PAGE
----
Then export those images as sRGB jpegs for the purpose of being printed by that shop (maybe rename them to make that apparent).

  1. yes
  2. no

Edit to answer added questions:

  1. Relative intent only takes out of gamut colors and changes them to the nearest in gamut color. Whereas perceptual intent changes the color to the nearest in gamut color and adjusts the other colors so they have the same relative difference. If you picture a histogram with out of gamut colors outside the ends, relative will just pull them into the very ends of the histogram leaving all of the other colors alone. Perceptual will pull them in by shifting the whole histogram. That's why relative seems darker... it's packing up the end (certain colors).

  2. You cannot encode relative or perceptual, it really has nothing to do with the color profile. It is not an edit and it doesn't change the file/data in any way. It is a simulation of how the end device will handle colors that it cannot otherwise use/reproduce. The point of softproofing is so that you change the colors so that you get back something closer to what you want/expect. Your choice during softproofing does not change the fact that the end device is going to use perceptual intent (in this instance).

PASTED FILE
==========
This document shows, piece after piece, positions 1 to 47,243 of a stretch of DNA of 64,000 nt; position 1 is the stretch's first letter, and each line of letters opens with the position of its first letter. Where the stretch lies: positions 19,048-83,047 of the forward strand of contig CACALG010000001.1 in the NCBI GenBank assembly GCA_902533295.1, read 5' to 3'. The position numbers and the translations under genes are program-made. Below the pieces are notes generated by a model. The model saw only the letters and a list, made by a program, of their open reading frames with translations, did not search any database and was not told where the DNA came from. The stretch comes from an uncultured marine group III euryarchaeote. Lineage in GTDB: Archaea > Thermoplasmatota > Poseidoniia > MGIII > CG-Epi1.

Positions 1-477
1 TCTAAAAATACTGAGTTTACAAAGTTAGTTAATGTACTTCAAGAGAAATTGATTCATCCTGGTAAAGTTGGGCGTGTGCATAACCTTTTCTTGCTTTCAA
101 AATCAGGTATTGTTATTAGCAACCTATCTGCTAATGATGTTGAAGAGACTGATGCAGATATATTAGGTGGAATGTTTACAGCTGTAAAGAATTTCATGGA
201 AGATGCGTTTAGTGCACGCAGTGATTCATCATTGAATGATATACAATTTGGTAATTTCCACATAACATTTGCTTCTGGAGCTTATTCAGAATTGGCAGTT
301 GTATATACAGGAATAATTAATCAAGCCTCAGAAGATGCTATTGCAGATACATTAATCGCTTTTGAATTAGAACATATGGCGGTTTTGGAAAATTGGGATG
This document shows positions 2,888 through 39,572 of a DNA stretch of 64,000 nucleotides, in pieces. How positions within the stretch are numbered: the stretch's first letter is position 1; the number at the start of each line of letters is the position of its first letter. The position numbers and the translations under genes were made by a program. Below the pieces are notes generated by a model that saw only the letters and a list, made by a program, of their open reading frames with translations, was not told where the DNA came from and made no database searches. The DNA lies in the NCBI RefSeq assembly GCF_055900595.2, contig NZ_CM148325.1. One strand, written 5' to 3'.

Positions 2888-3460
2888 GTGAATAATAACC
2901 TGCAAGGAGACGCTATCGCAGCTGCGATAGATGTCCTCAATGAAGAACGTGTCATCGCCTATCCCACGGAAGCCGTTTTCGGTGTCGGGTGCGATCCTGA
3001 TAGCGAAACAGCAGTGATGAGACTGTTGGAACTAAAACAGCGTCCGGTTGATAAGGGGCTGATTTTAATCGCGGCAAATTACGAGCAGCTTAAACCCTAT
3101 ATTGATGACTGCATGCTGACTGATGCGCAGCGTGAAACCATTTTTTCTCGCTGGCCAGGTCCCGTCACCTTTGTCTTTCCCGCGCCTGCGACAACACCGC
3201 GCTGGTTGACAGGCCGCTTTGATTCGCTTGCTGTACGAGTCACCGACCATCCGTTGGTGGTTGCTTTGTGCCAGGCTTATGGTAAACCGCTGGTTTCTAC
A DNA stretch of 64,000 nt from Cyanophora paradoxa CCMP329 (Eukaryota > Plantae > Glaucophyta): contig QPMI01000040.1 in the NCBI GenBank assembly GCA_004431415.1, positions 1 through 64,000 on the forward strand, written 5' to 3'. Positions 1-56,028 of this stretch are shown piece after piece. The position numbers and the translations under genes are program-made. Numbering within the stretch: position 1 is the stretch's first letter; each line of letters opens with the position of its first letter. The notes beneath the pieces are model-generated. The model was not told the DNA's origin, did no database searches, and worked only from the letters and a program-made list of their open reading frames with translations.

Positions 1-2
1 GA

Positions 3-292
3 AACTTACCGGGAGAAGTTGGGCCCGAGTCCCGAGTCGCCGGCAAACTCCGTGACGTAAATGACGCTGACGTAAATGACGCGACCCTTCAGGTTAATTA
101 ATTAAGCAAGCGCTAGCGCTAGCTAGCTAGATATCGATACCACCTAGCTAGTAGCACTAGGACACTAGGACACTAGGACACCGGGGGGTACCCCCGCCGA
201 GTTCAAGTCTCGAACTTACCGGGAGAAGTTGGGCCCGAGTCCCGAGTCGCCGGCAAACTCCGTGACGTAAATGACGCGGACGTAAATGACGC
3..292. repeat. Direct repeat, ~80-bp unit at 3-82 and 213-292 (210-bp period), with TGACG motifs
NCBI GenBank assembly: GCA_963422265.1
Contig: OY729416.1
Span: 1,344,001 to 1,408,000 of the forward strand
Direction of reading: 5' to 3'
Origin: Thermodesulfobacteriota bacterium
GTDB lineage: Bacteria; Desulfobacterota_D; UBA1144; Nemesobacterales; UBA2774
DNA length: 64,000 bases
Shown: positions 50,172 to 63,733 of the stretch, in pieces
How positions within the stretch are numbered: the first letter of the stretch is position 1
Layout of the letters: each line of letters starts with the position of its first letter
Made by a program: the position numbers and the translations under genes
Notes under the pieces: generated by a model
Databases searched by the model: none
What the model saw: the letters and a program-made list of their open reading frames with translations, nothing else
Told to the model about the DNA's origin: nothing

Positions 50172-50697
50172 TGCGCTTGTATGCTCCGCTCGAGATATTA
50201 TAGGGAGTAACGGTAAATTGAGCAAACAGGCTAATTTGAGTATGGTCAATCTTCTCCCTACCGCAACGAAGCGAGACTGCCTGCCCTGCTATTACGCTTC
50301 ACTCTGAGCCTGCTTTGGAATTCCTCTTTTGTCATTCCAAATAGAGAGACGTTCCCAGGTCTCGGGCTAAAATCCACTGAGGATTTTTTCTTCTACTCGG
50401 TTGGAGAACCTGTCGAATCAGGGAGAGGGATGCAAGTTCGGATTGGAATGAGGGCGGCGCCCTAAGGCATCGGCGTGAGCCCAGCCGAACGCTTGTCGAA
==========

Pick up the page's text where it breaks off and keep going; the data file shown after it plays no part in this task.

Normally you do not know how the end device will handle out of gamut colors; the choice of relative vs perceptual during softproofing is a personal choice in how you change the colors so that they are all in gamut... then the end device won't need to use either method and it won't matter; the end result will be as expected (hopefully). Printers typically use perceptual because relative is more prone to blocking/banding.

Generally, if there is very little out of gamut the relative intent is better, because it leaves all of the in-gamut colors alone. But if there is a whole lot out of gamut the perceptual intent is usually better because it tries to maintain the relationships between the colors. Note that changing between relative/perceptual during softproofing does not move all out of gamut colors w/in gamut; that is still your job. The image display and histogram is only simulating what the result will be if you don't. And it is only a simulation... an RGB projected display (monitor) cannot exactly duplicate a CMY reflective display (print).

  • \$\begingroup\$ Thanks Steven. I've added new questions and shown a sample histogram of one image. I'm particularly interested in the question of the way the blacks are represented, and the lack of contrast /saturation/over-exposure shown when doing perceptual. It doesn't feel consistent across every image, so feels like a lot of tinkering might be required? is this what you'd expect? \$\endgroup\$
    – Topdown
    Commented Feb 22, 2022 at 10:57
  • 1
    \$\begingroup\$ I think you are putting too much emphasis on a simulation... your best bet is to edit the images as close as to what you want using either intent, and then get a couple of test prints made (preferably using the most extreme images). \$\endgroup\$ Commented Feb 22, 2022 at 14:57